Hyperpigmentation is a common, usually harmless condition in which patches of skin become darker in color than the normal surrounding skin. This darkening occurs when an excess of melanin, the brown pigment that produces normal skin color, forms deposits in the skin.
Types of hyperpigmentation include age spots, melasma, and post-inflammatory hyperpigmentation.
Some forms of hyperpigmentation, including melasma and sun spots, are more likely to affect areas of skin that face sun exposure, including the face, arms, and legs.
Other types of hyperpigmentation form after an injury or skin inflammation, such as cuts, burns, acne, or lupus. These can occur anywhere on the body.
Having extra pigment in some areas of skin is usually harmless but can sometimes indicate another medical condition.
To prevent hyperpigmentation, or to stop it becoming more prominent:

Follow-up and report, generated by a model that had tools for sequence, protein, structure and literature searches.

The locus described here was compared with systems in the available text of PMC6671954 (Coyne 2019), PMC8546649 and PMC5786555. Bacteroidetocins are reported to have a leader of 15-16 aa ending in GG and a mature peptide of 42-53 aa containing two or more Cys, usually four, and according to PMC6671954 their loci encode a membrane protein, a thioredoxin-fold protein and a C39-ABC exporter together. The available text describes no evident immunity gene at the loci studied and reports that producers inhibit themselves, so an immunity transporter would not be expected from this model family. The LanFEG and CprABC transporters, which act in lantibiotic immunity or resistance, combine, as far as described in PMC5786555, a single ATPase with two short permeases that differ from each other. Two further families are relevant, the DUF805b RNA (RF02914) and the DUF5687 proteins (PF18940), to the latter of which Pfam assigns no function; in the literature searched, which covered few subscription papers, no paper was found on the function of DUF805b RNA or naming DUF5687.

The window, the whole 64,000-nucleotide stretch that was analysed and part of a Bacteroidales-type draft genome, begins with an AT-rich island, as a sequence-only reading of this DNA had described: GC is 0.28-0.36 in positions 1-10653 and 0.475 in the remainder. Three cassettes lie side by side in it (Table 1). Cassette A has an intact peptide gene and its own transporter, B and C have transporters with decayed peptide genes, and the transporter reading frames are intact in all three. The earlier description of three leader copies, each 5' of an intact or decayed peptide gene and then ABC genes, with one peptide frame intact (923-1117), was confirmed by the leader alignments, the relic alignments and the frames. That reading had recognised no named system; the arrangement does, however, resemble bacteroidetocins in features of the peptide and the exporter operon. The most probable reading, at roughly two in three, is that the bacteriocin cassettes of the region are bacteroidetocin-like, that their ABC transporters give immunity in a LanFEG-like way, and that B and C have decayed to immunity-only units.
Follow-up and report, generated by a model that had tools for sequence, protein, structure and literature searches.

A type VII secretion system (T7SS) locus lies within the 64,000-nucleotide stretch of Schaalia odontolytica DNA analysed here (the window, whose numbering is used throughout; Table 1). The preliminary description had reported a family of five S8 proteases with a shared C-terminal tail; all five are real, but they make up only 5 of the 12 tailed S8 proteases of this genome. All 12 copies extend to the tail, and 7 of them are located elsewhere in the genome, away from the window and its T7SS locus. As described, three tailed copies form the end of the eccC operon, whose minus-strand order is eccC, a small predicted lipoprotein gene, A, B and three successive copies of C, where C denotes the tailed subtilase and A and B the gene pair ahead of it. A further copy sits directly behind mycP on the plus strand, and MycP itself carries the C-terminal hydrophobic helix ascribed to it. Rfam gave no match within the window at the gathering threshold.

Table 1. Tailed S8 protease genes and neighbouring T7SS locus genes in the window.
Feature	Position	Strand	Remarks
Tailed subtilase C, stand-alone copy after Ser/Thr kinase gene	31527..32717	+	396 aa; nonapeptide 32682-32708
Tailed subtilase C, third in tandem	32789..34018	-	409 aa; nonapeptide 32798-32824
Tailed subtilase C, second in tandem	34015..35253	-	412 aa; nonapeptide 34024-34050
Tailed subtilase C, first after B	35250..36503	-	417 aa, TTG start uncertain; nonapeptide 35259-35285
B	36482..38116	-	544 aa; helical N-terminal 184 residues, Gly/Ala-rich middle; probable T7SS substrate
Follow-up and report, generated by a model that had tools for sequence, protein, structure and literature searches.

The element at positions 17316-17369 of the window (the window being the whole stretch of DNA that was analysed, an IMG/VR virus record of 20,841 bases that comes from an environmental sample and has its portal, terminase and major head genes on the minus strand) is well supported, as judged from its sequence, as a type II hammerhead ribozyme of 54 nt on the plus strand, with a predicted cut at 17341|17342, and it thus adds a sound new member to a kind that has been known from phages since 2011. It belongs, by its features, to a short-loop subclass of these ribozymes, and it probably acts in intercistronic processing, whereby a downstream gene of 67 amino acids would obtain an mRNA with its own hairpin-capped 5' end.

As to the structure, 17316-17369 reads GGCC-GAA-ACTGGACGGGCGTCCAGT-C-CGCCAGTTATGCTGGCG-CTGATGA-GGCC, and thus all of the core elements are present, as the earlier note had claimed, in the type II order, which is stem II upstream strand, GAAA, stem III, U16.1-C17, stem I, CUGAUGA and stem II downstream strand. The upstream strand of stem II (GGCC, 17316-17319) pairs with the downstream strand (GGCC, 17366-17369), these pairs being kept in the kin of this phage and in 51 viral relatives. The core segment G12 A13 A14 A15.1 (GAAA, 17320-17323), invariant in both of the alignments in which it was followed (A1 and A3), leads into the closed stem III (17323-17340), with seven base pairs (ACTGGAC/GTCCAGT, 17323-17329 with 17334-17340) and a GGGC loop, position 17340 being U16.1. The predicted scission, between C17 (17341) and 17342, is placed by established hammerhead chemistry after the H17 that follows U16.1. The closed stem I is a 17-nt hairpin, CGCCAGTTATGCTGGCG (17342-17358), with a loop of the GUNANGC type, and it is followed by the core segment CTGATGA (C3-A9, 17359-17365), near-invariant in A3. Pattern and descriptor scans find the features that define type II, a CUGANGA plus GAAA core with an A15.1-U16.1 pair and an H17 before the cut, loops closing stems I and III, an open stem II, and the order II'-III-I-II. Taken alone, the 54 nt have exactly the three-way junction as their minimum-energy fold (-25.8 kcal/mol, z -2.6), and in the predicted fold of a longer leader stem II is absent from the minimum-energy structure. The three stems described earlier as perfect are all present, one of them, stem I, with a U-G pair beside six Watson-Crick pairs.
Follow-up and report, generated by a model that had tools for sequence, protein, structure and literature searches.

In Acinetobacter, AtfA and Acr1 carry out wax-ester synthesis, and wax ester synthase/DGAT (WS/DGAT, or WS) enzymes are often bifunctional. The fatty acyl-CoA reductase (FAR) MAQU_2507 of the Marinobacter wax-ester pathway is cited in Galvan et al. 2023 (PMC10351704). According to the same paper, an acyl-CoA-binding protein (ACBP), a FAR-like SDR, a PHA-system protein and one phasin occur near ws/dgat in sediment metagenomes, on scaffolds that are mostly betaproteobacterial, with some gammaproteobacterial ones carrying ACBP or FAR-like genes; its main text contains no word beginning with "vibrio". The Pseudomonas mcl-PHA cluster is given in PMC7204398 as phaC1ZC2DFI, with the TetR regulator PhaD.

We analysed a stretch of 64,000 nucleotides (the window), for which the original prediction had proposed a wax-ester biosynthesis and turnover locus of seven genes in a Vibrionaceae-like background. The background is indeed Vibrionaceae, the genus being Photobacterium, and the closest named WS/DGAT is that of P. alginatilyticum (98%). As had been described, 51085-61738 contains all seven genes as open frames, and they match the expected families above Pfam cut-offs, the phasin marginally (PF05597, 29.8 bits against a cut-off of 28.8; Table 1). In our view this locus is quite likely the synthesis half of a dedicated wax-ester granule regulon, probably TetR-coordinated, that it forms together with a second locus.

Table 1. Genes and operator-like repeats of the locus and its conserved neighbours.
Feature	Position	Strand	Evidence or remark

Avoid exposure to the sun. Use a sunscreen with an SPF of 30 or higher to protect the skin and stop hyperpigmentation from becoming darker. Avoid picking at the skin. To prevent hyperpigmentation from forming after an injury, avoid picking at spots, scabs, and acne.
Many people use topical treatments to treat hyperpigmentation. Topical treatments will include ingredients that lighten the skin, such as:
retinoids, such as tretinoin
Some cosmetic procedures can also lighten areas of skin to reduce the appearance of hyperpigmentation.
Cosmetic procedures for hyperpigmentation include:
intense pulsed light